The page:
Hal Roach was a film and television producer who is best remembered for producing the “Laurel Hardy” films, and well as the “Our Gang” and “ The Little Rascals” series of movies.
Stan Laurel was an English comic actor (born Arthur Stanley Jefferson), who made a great career for himself in Hollywood. Laurel ended up at the Hal Roach studio directing films, intent on pursuing a career in writing and directing. However, he was a sometime actor and was asked to step in when another comic actor, Oliver Hardy, was injured and couldn’t perform. Laurel and Hardy started to share a stage together during that time and when it was clear they worked so well together, their partnership was born. Oh, and the oft-quoted story that Clint Eastwood is the son of Stan Laurel … that’s just an urban myth.
Oliver Hardy was born Norvell Hardy in 1892 in Harlem, Georgia. Hardy used the stage name “Oliver” as a tribute to his father Oliver Hardy. His early performances were credited as “Oliver Norvell Hardy”, and off camera his nickname was “Babe Hardy”. Hardy appeared in several films that also featured the young British actor Stan Laurel, but it wasn’t until 1927 that they teamed up to make perhaps the most famous double act in the history of movies. The Laurel and Hardy act came to an end in 1955. That year, Laurel suffered a stroke, and then later the same year Hardy had a heart attack and stroke from which he never really recovered.
49…Leave base illegally..GO AWOL
The Military Police (MPs) often track down personnel who go AWOL (absent without leave).
50…Spago restaurateur..WOLFGANG PUCK
Wolfgang Puck is a celebrity chef from Austria. Puck is the man behind the famous pair of restaurants in Southern California called Spago.
62…Breaded seafood option on kids’ menus..FISH STICKS
Fish sticks are known as fish fingers in the UK and Ireland.
65…This, to Picasso..ESTA
The artist Pablo Picasso’s full name was Pablo Diego José Francisco de Paula Juan Nepomuceno María de los Remedios Cipriano de la Santísima Trinidad Ruiz y Picasso, a name he was given right from birth. Got that?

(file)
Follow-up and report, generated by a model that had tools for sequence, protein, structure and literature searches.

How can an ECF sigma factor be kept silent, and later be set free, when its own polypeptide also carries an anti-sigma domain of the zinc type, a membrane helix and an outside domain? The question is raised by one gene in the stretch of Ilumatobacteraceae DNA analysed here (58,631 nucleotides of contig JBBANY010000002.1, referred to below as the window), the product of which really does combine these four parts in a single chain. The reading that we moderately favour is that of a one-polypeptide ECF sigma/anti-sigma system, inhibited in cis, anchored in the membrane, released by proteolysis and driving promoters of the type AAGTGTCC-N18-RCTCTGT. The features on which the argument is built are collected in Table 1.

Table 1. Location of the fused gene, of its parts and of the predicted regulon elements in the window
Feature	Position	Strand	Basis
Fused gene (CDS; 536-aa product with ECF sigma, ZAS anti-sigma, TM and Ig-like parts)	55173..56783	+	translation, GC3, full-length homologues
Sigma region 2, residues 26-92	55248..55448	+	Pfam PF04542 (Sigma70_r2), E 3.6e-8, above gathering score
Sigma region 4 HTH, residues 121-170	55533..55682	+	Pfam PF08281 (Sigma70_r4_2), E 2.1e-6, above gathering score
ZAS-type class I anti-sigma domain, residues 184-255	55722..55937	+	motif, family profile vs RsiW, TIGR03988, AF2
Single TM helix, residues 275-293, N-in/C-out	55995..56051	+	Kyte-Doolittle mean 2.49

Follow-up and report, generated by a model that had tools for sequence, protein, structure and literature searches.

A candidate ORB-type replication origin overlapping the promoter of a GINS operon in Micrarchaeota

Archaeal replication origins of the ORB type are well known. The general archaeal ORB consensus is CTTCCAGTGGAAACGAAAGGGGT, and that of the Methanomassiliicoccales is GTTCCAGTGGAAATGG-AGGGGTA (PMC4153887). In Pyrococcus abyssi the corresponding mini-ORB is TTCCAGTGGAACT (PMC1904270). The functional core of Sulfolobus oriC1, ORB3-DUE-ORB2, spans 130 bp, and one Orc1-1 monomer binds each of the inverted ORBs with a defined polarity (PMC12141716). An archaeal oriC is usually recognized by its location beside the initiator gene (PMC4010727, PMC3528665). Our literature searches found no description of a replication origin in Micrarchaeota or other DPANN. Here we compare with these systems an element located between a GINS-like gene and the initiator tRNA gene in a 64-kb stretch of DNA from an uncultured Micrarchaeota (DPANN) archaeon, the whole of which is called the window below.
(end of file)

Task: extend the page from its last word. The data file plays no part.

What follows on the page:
Allen Ginsberg was a poet from from Newark, New Jersey whose name became inextricably linked with the Beat Generation of the 1950s and the counterculture of the 1960s. His most famous work is the 1955 poem “Howl”, in which Ginsberg denounces capitalism and conformity in the US.
1…Shock into submission..TASE
“To tase” is to use a taser, a stun gun.
4…Takes over, like bedbugs..INFESTS
Bedbugs are parasites that feed on human blood, and their preferred habitat is the mattresses on which people sleep. Bedbugs have been around for thousands of years and were almost eradicated in the 1940s. However, infestations have been increasing since then. Dogs have been trained to detect bedbugs and are used by some pest control specialists.
5…Banned bug killer..DDT
DDT is dichlorodiphenyltrichloroethane (don’t forget now!). DDT was used with great success to control disease-carrying insects during WWII, and when made available for use after the war it became by far the most popular pesticide. And then Rachel Carson published her famous book “Silent Spring”, suggesting there was a link between DDT and diminishing populations of certain wildlife. It was the public outcry sparked by the book, and reports of links between DDT and cancer, that led to the ban on the use of the chemical in 1972. That ban is touted as the main reason that the bald eagle was rescued from near extinction.
Greco-Roman wrestling was contested at the first modern Olympic Games, back in 1896. Back then there was relatively little regulation of the sport and Greco-Roman contests were noted for their brutality. Bouts also took a long time to finish, often lasting hours. In fact, two competitors in the final round of the event at the 1912 Olympic Games fought a match that lasted 11 hours and 40 minutes. The victor was so exhausted after the contest that he was unable to compete in the final bout.
Roger O’Neil is a news reporter who has worked for NBC for over 30 years.
10…Song before some face-offs..O CANADA
Canada’s national anthem “O Canada” was commissioned in 1880 by the Lieutenant Governor of Quebec, so the original words are in French. The first English translation was made in 1906. The current English lyrics have been revised a few times, but the French version remains the same as it did back in 1880.
A sou is an old French coin. We use the term “sou” to mean “an almost worthless amount”.
24…__ Field: home of Mr. Met..CITI
Citi Field is the relatively new baseball stadium used by the New York Mets that sits right next door to the site of Shea stadium, where the Mets had played for decades. And the new facility’s name comes from corporate sponsor Citigroup.